The differences between its ousted general secretary, Zwelinzima Vavi, and its president, Sdumo Dlamini, and the earlier differences between Vavi and the then Cosatu president, Willie Madisha, had serious repercussions for the federation. The National Union of Metalworkers of South Africa (Numsa) began a breakaway from Cosatu that was made final by Numsa’s expulsion.There we have seen major differences between its general secretary, Irvin Jim, and its former president, Cedric Gina, who now leads the apparently contrived and probably stillborn Liberated Metalworkers Union of South Africa.

There are many examples across the left in South Africa of debilitating factionalism. The left-leaning Pan Africanist Congress and the Black Consciousness Movement were both racked by leadership squabbles. The Azanian People’s Organisation was also crippled by leadership differences, which led to the formation of the breakaway Socialist Party of Azania.

More recently, another bitter factionalist blood-letting hit the Economic Freedom Fighters (themselves a breakaway from the ANC), mainly between its leader, Julius Malema, and thinker and ideologue Andile Mngxitama.

This led to the expulsion of Mngxitama and a few others from the EFF, not long after it won 6% of the votes in a national election and took up its parliamentary seats.

Few will still regard the ANC as a leftist organisation, but the factionalism in its ranks is driven by leadership and personality differences, plus the fierce rivalry for positions, jobs, access to resources and, especially, monetary gain. There have even been killings allegedly related to this factional war.

There is no instance of factionalism in the ANC since 1994 that had to do with explicit internal policy and ideological and programmatic differences. Instead, fratricidal factionalism in the ANC pursues hidden materialistic agendas.

There is no open, public and transparent expression of such differences, if they do exist. Everybody pretends that the ANC is united when it is not. The ANC’s national general council of the past weekend was no exception to this trend. Winning positions through patronage and the power that goes with it appears to dominate internal tensions, especially in the run-up to ANC elective conferences.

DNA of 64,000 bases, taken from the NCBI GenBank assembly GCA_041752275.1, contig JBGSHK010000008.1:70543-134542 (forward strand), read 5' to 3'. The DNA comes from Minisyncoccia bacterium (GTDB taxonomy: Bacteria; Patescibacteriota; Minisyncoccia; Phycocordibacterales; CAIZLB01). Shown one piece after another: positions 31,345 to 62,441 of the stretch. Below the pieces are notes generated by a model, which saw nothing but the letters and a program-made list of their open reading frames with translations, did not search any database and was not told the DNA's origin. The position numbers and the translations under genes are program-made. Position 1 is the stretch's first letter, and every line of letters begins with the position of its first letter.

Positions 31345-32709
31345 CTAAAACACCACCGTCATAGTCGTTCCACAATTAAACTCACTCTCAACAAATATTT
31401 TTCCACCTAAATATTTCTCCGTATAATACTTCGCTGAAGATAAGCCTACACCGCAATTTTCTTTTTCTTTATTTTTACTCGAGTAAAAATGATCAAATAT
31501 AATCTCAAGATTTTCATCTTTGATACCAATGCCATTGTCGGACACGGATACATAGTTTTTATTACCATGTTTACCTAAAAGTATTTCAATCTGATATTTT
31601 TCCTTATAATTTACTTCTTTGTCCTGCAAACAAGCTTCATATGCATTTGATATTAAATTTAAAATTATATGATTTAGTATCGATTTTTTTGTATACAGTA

Note, too, the gender dimension of factionalist disputes. Men so dominate our politics, especially the top leadership of parties and trade unions, that almost all these factionalist disputes are about leadership differences between men.

That this happens among leftist parties and trade unions, which are supposed to be gender-sensitive, makes it more intriguing.

Could it be that, independent of the common cause of socialism, which ought to unite them in action, the historical socialisation of male dominance in all spheres of society means that male leaders are more inclined to individualism and are therefore more competitive?

The problem of factionalism has been so debilitating for the left, where it has been much more evident historically and globally than among liberals and conservatives, that a key question arises: How will the current leftist realignment in South Africa, led by Numsa, fare?

Will the movement Numsa is spearheading, especially the moves to form a United Front and thereafter a socialist party, turn out fundamentally differently from the sad factionalist legacy of the left in South Africa?

Will the “Numsa moment” finally achieve what the non-ANC left has striven for over decades: building a revolutionary alternative to the ANC through which to eventually achieve a socialist South Africa? Or will it founder on the rocks of factionalism?

  Ebrahim Harvey is a political writer, commentator and author